Perhaps Lindgren’s approach has sparked a back-to-basics move from Trouba, who brought a reputation for tough play with him from the Jets but has been somewhat slow to live up to it as he settles in during his first season in New York. That facet of the 6-foot-3, 209-pound Trouba’s game was certainly on display in a 4-0 victory over the New Jersey Devils on Nov. 30, however, when he turned in a downright nasty and physically dominant game in his own zone.
The traffic jam in front of Henrik Lundqvist’s net has been almost comical in recent seasons, the Rangers being either unwilling or lacking the personnel to clear away forwards looking for tip-ins and rebounds. That’s also led to The King and his understudies often finding themselves run over or buried under piles of players in the crease.
The club succeeded at protecting its net again Sunday, this time against a typically strong, north-south Western Conference club.
“It’s a big heavy team (to be) boxing guys out,” forward Chris Kreider said after the win over the Golden Knights. “They have big bodies and they get to the net. (We) were picking up sticks, breaking up plays. I think it was a testament to how well our ‘D’s played.” (from ‘Alex Georgiev Stellar Again in Rangers’ Takedown of Knights’, New York Post, 12/8/19)
Fast, Powerful Miller Can Further Boost New-Look Blue Line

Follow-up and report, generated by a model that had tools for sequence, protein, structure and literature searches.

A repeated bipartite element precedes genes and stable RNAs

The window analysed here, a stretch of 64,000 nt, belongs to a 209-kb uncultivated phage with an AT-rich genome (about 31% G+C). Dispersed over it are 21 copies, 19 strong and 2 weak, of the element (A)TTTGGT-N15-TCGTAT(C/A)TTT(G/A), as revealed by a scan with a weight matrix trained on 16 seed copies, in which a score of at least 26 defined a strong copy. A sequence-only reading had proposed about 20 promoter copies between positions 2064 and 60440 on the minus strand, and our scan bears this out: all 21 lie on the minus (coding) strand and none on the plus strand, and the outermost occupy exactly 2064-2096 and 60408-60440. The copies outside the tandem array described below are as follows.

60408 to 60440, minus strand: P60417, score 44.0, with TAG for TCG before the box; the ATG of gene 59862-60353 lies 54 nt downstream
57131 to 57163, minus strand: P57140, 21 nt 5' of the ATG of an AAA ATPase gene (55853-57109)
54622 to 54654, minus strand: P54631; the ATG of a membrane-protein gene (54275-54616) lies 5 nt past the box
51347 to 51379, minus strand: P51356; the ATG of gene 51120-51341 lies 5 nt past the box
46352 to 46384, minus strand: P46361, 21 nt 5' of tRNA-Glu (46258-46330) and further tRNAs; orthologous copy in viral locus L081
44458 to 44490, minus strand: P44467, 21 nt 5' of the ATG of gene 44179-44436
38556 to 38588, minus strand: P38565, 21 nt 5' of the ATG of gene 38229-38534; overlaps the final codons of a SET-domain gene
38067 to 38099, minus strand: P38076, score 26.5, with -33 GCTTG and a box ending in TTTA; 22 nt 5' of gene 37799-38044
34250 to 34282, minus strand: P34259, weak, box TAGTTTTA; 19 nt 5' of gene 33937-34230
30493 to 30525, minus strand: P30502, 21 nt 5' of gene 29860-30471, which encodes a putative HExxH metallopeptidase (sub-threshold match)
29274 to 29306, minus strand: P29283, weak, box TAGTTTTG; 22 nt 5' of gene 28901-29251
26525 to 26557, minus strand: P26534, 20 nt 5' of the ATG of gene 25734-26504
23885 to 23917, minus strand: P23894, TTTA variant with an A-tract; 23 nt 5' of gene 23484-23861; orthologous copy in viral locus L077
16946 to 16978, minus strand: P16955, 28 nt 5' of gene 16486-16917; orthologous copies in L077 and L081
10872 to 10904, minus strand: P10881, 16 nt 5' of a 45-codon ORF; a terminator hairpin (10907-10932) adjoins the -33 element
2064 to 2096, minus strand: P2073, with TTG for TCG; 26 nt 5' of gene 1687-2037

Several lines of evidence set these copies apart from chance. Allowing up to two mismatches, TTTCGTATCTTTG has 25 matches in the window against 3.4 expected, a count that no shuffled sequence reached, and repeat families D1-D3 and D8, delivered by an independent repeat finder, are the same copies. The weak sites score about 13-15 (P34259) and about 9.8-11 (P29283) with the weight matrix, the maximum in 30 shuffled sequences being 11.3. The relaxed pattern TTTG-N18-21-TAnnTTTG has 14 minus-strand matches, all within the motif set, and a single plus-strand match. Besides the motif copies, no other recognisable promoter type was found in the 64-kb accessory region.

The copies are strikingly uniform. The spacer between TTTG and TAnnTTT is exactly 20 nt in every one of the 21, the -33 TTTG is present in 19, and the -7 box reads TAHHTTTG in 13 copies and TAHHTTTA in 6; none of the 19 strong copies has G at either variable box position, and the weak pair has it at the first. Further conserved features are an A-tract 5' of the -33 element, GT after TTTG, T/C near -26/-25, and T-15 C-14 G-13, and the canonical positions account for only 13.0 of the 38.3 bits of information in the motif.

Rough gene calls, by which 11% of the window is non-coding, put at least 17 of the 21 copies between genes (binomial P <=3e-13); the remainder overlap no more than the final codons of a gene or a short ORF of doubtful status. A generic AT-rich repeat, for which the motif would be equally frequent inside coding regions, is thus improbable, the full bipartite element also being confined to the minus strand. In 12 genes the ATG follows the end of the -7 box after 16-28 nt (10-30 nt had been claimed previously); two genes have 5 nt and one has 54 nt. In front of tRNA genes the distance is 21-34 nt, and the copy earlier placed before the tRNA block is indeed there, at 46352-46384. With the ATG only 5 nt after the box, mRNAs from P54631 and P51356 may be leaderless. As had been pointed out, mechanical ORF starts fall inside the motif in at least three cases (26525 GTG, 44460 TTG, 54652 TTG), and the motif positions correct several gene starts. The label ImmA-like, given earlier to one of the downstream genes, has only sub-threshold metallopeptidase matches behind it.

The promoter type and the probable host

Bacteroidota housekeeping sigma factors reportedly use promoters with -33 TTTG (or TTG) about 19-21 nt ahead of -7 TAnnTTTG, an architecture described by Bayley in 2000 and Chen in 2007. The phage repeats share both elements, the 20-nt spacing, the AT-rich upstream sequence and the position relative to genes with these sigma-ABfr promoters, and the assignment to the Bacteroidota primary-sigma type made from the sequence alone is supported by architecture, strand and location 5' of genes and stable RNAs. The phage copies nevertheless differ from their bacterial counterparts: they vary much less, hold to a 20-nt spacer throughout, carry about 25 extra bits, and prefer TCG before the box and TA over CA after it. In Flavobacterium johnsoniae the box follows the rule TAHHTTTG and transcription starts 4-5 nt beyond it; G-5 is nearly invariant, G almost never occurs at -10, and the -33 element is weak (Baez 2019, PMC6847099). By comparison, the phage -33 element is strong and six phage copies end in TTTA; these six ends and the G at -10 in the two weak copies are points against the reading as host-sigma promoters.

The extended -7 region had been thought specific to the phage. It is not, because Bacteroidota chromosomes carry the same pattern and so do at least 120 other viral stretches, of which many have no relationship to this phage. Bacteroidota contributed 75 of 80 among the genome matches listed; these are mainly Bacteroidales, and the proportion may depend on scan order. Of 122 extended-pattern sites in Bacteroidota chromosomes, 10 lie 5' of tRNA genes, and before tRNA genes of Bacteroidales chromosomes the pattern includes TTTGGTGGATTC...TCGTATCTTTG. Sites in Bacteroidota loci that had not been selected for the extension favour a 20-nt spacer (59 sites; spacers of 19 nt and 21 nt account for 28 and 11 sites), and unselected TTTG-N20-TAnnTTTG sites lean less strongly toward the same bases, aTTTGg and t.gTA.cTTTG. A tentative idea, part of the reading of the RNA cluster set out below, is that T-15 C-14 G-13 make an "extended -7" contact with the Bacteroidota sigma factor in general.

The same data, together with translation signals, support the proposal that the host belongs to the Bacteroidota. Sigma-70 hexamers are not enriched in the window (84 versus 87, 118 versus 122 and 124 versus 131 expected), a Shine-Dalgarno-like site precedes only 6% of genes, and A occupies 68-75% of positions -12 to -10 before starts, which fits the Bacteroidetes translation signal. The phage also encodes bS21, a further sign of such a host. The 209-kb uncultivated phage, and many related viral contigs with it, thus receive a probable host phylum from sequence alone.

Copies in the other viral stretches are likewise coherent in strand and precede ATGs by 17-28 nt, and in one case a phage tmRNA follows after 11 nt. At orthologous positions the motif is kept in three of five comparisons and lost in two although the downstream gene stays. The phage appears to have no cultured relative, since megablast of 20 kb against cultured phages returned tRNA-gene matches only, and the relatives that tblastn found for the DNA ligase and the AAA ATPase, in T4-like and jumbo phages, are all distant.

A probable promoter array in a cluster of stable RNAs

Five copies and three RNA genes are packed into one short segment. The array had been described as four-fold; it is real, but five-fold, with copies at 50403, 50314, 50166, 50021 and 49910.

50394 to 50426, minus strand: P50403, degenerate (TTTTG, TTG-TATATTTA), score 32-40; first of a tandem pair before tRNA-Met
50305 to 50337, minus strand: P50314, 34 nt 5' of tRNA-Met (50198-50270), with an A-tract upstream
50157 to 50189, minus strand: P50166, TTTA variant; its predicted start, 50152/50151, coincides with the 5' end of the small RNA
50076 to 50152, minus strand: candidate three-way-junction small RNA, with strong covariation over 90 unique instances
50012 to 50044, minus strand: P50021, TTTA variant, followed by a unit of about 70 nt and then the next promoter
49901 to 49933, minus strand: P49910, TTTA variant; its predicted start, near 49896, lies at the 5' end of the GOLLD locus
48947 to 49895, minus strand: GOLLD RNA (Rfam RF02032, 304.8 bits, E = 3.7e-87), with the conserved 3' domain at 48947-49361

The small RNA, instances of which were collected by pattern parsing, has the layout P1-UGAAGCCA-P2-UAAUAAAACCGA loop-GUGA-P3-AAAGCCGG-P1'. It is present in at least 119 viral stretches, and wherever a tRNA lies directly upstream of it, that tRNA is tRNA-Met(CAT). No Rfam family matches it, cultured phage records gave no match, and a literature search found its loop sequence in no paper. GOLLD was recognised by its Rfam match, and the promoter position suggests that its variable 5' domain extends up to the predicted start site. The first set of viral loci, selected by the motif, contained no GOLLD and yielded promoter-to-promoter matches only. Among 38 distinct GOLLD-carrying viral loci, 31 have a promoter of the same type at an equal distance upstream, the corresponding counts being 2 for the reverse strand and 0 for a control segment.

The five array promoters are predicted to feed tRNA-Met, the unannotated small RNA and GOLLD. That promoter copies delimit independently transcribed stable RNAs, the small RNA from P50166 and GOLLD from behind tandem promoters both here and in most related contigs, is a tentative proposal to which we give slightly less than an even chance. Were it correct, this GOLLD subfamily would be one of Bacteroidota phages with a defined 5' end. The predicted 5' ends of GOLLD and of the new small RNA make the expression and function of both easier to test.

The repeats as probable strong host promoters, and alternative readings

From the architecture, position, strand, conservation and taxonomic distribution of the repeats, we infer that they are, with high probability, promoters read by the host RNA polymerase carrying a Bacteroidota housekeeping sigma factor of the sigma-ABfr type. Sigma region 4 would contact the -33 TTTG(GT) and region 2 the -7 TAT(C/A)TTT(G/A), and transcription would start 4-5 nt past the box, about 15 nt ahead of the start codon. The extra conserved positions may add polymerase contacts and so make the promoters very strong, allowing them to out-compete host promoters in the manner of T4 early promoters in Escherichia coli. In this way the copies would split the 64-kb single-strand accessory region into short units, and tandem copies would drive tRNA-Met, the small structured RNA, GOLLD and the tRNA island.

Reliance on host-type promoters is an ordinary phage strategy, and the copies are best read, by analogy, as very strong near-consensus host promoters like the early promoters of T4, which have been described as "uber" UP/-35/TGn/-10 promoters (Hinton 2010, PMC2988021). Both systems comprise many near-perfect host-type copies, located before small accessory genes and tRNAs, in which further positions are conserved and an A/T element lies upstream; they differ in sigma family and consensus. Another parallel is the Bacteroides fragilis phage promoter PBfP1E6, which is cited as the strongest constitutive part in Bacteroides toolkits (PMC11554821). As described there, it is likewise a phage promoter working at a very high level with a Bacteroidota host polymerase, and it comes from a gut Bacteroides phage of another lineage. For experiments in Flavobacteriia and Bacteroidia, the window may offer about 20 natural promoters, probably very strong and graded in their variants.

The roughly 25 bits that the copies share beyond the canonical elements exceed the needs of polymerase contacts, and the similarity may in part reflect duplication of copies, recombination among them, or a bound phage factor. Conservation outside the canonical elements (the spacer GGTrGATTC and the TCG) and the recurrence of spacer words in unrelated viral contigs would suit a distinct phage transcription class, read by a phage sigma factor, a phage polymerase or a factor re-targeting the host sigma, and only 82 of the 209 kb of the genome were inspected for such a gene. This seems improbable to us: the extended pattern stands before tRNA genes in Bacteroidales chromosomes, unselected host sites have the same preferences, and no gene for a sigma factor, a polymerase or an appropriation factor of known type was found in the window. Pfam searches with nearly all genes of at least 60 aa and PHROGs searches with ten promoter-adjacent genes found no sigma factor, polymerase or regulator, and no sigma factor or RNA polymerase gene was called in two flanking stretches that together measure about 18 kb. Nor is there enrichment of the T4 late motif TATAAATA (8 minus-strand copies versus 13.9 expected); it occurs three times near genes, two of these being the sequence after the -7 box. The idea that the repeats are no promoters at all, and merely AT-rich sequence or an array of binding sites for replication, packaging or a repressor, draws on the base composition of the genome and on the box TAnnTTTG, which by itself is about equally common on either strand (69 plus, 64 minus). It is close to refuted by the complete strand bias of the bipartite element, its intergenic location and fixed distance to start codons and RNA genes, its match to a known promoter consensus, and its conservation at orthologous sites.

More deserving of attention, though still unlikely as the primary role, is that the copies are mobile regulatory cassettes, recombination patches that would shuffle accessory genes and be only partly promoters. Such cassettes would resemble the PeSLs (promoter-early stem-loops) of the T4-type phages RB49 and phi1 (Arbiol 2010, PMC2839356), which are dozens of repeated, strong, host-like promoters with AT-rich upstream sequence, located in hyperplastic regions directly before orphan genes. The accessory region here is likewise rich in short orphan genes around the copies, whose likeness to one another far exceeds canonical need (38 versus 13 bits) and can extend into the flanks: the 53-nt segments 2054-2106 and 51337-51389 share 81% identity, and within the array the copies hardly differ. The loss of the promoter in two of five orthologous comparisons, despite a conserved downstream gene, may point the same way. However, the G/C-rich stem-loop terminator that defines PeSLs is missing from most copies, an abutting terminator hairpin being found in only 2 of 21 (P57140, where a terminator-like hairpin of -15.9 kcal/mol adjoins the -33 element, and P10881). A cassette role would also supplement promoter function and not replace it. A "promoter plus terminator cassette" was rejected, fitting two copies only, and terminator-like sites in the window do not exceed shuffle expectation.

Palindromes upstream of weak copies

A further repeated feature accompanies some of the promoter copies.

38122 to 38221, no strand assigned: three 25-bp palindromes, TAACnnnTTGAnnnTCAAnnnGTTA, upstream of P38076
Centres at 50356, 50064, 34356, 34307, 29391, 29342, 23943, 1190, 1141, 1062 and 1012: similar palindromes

With more of that on tap against the Los Angeles Kings, San Jose Sharks and Anaheim Ducks on this trip, the Rangers will continue to be tested on whether they can keep the shooting lanes in front of their goaltender clear.
The youthful transformation of the defense could get another boost in the coming seasons, when K’Andre Miller is expected to join the organization from the University of Wisconsin. The 6-foot-3, 200-pound Miller, who the Rangers selected 22nd overall in 2018 after trading up four spots, boasts the skating ability, size and strength to impact the blue line with both skill and physical play, as Trouba does.
For now, the defense’s past remains prominent in 2019-20 and beyond. Staal is still around, with another season at $5.7 million on his contract remaining after this one. The 32-year-old veteran has still been able to help with his leadership, size and experience, but he’s easily the least mobile option at the back end and faces a reduced role going forward.
Shattenkirk was bought out after two disappointing and injury-plagued seasons in New York, and he’ll cost the club a staggering $6,083,333 million against the cap next season as the price for doing so. Smith has resurrected his career by reinventing himself as an effective fourth-line forward who slides back to defense to kill penalties, but he costs $4.35 million against the cap this season and next.
Quinn, however, won’t allow any of that to skew the development of the Rangers’ multi-skilled new blue line – the kind that was sorely needed over the past few seasons and which seemed like a pipe dream just 22 months ago.
I’m a resident of the Chicago suburbs by way of White Plains, NY. I worked for the Associated Press sports department in New York City for 10 years before moving to Chicago in 2005, when the AP’s then-internet division entered into a joint venture with STATS LLC. I worked for STATS for 11 years, until 2016. Since then I’ve covered the Rangers for Elite Sports NY, a hyper-local website, writing long form features and news stories. I’m very excited to be a part of The Hockey Writers.